But that rote gathering and processing is what can be drastically reduced in a world where many of those events can now be interpreted systematically by advanced software. It’s already happening in some areas where the content processing can already be automated (basic sports game reports built off of box scores, corporate earnings release previews built off financial data). It’s not hard to imagine these types of reports creating standard, objective summaries for all kinds of events.

But there are a few reasons why I think journalists don’t have to get quite so upset. Although I do think such developments will force a complete realignment in the way we think about journalism, the industry will not go away completely. There are some items, which I expand on below, that I think will become all the more critical for anyone who aspires to a career in journalism or any writing with higher professional standards and paychecks than this blog.

Curation will still matter

Facts are becoming more easily gatherable, storable, and reportable. There’s no way to slow that down. However, with newer and easier ways to gather and report on facts, that’s not just going to create a couple new articles a week, it’s going to create an avalanche of information (if you don’t think things are bad now, just wait!).

Local papers which might run a couple high school baseball recaps might now have the ability to auto-generate five pages of stories including all the local high school games, little league games, and 3-year old T-ball games (In which the lead might be: “The Dolphins defeated the Pirates by a score of 5-4. Jacob Marshall scored the tying run when his ground ball to second base was interrupted by a butterfly that distracted the entire Pirates infield. Juice boxes and orange slices were had by all.”)

So if such articles become easily creatable, you’ll suddenly be faced with more and more of them competing for your attention. Someone’s going to have to help you out, unless you want to quit your job to drink from the media fire hose full-time (a move I’ve often contemplated)

There is absolutely a role for someone to help decide which articles are the most critical for your attention. Taking it back a step, there’s also a critical role for someone to decide which of these easily gathered facts are worthy of an article to even fight for your attention. In my view, that’s a role that could potentially be filled by a human filter.

With that said, there are technology solutions which can also get the job done. The first counter-argument to this type of role would be that we’ll source all our information from our social media channels (e.g., friends on Twitter, Facebook shares). Companies like Flipboard are already trying to build experiences that allow users to get the media they want before they specifically ask for it. So certainly there will be competing forces trying to deliver the information you need/want, but I feel as though there will continue to be a need for curators who aggregate the fire hose and bottle it for you.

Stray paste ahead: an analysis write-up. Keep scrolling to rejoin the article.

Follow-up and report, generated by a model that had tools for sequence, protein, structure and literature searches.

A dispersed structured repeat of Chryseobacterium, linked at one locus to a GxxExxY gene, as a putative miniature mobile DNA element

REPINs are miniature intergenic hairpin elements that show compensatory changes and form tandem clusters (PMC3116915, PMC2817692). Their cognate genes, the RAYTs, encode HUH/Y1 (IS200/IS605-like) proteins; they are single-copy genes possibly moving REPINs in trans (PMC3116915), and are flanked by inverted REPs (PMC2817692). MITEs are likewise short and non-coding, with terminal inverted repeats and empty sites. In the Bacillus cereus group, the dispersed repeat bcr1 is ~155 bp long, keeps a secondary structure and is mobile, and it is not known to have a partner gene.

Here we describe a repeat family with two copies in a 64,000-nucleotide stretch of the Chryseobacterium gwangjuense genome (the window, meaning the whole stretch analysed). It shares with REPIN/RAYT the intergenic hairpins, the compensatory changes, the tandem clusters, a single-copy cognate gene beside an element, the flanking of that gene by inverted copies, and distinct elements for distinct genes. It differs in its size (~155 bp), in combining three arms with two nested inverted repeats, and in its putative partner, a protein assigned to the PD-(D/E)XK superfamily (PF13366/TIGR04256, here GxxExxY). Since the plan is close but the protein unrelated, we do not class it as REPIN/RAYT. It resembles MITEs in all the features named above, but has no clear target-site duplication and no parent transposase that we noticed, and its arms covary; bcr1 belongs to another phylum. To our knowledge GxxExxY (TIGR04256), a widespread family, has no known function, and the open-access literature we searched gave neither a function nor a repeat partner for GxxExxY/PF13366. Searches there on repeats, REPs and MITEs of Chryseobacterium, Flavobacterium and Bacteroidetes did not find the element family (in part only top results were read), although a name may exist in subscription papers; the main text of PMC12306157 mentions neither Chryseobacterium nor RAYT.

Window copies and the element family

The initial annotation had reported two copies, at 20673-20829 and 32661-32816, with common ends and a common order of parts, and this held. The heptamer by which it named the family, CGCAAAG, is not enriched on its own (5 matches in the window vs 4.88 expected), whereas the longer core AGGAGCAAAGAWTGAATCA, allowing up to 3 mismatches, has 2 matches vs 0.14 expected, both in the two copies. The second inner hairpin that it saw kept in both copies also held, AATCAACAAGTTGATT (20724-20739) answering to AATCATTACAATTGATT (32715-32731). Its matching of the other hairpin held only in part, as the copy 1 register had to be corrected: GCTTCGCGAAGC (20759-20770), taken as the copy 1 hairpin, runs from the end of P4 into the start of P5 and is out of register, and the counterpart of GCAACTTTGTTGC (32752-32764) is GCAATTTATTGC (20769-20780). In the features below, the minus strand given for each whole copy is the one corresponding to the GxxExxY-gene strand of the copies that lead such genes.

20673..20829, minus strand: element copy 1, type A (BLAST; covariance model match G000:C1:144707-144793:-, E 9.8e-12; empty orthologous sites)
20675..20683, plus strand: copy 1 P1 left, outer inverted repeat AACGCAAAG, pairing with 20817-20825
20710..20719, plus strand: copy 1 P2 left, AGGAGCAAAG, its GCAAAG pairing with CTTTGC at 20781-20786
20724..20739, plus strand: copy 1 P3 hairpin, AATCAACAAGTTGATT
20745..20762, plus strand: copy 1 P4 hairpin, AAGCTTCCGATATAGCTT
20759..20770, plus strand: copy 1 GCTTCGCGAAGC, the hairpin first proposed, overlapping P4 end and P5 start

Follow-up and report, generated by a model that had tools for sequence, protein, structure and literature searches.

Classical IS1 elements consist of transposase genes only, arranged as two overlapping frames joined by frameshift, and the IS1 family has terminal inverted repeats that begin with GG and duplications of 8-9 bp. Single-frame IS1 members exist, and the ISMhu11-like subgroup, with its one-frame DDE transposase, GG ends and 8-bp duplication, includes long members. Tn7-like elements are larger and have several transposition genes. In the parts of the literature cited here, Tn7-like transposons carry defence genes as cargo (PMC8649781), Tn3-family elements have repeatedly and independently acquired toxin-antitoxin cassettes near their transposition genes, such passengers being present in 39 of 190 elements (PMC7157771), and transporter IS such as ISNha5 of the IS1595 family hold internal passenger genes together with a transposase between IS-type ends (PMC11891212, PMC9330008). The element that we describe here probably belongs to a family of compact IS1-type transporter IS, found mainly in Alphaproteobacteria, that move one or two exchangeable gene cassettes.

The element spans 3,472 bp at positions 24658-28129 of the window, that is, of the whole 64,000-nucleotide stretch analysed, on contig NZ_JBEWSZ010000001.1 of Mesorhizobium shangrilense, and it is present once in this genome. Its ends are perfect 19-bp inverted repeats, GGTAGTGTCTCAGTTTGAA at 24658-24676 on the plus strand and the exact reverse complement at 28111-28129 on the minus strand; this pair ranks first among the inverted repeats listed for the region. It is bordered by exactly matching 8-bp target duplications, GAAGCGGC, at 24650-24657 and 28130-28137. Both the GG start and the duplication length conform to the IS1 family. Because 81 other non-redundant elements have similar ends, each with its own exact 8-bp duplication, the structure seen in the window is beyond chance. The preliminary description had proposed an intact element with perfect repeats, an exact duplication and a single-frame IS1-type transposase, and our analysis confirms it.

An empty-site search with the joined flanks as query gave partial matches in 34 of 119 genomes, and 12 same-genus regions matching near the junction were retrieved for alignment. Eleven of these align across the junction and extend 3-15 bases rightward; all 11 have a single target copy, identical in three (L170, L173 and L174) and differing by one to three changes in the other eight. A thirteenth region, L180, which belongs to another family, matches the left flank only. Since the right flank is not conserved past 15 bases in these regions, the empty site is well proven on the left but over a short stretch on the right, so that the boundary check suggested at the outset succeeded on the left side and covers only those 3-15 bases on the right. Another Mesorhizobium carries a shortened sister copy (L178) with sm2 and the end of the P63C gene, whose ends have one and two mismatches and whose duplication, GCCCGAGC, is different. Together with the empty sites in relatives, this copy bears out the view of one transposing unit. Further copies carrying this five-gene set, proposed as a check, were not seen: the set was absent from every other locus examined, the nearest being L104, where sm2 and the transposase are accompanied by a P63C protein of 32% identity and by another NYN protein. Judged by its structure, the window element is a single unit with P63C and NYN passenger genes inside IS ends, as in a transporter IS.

Long form and analysis will still matter

Some information is becoming relatively standardized, and more pieces traditionally within the purview of the journalist will continue to shift. Speeches from a public figure, which today are covered by reporters, may one day be recapped automatically (I look forward to someday when a presidential candidate creates a series of system errors in the natural language interpretation software through either making up words or stringing together illogical phrases)

But while these pieces of data become more collectible, it’s hard to imagine a software program creating the traditional longer stories. Feature stories which come from finding sources, interviewing them, and asking the right questions. Investigative journalism, which should be greatly enhanced with increased data availability, should obviously still have a home. That’s not to say data mining technology or advanced narrative creation can’t be created to do it, but for the time being, I don’t think computers are ready for prime time. If anything, programs to create basic content should free up more resources which can allow for deeper investigations, and more effort around hunting for really impactful news.

Unless there’s a Woodwardbot and Bernsteintron in some technology company’s lab right now.

Having an opinion will still matter (as long as you can entertain)

The last way to keep a position in journalism is the most obvious, and the one that stretches further away from what journalism is at its core. It’s really just about being an entertaining writer and offering something no one else can.

One of the clear trends over the last few years in traditional print media (at least that which I’m reading), is a progression towards more opinion and personalized writing styles. This happens beyond print, as any viewer of ESPN can tell you. Writers, at least those that develop consistent followings, are those which cultivate their own personal style and in many cases, more opinion-based takes on their field.

If you look at regional sports coverage, I’ve noticed a huge shift in the reporters’ tone and styling as they’ve moved to do more blogging and tweeting. The game recap, that is, telling me exactly what happened, has become pretty irrelevant to me, but I do look to these trusted sources for their opinion on what happened. I also like interacting with them via Twitter, live chats, etc.

That builds my relationship with them as a fan, and I’ll continue to seek them out for what they have to say.

Of course, one could argue this has some seriously negative ramifications for sports writing as a whole. In particular, an encouragement towards attention-grabbing statements, inflammatory rhetoric, and basically the Stephen A. Smithing of the content. To which I’d say, I think that ship has already sailed.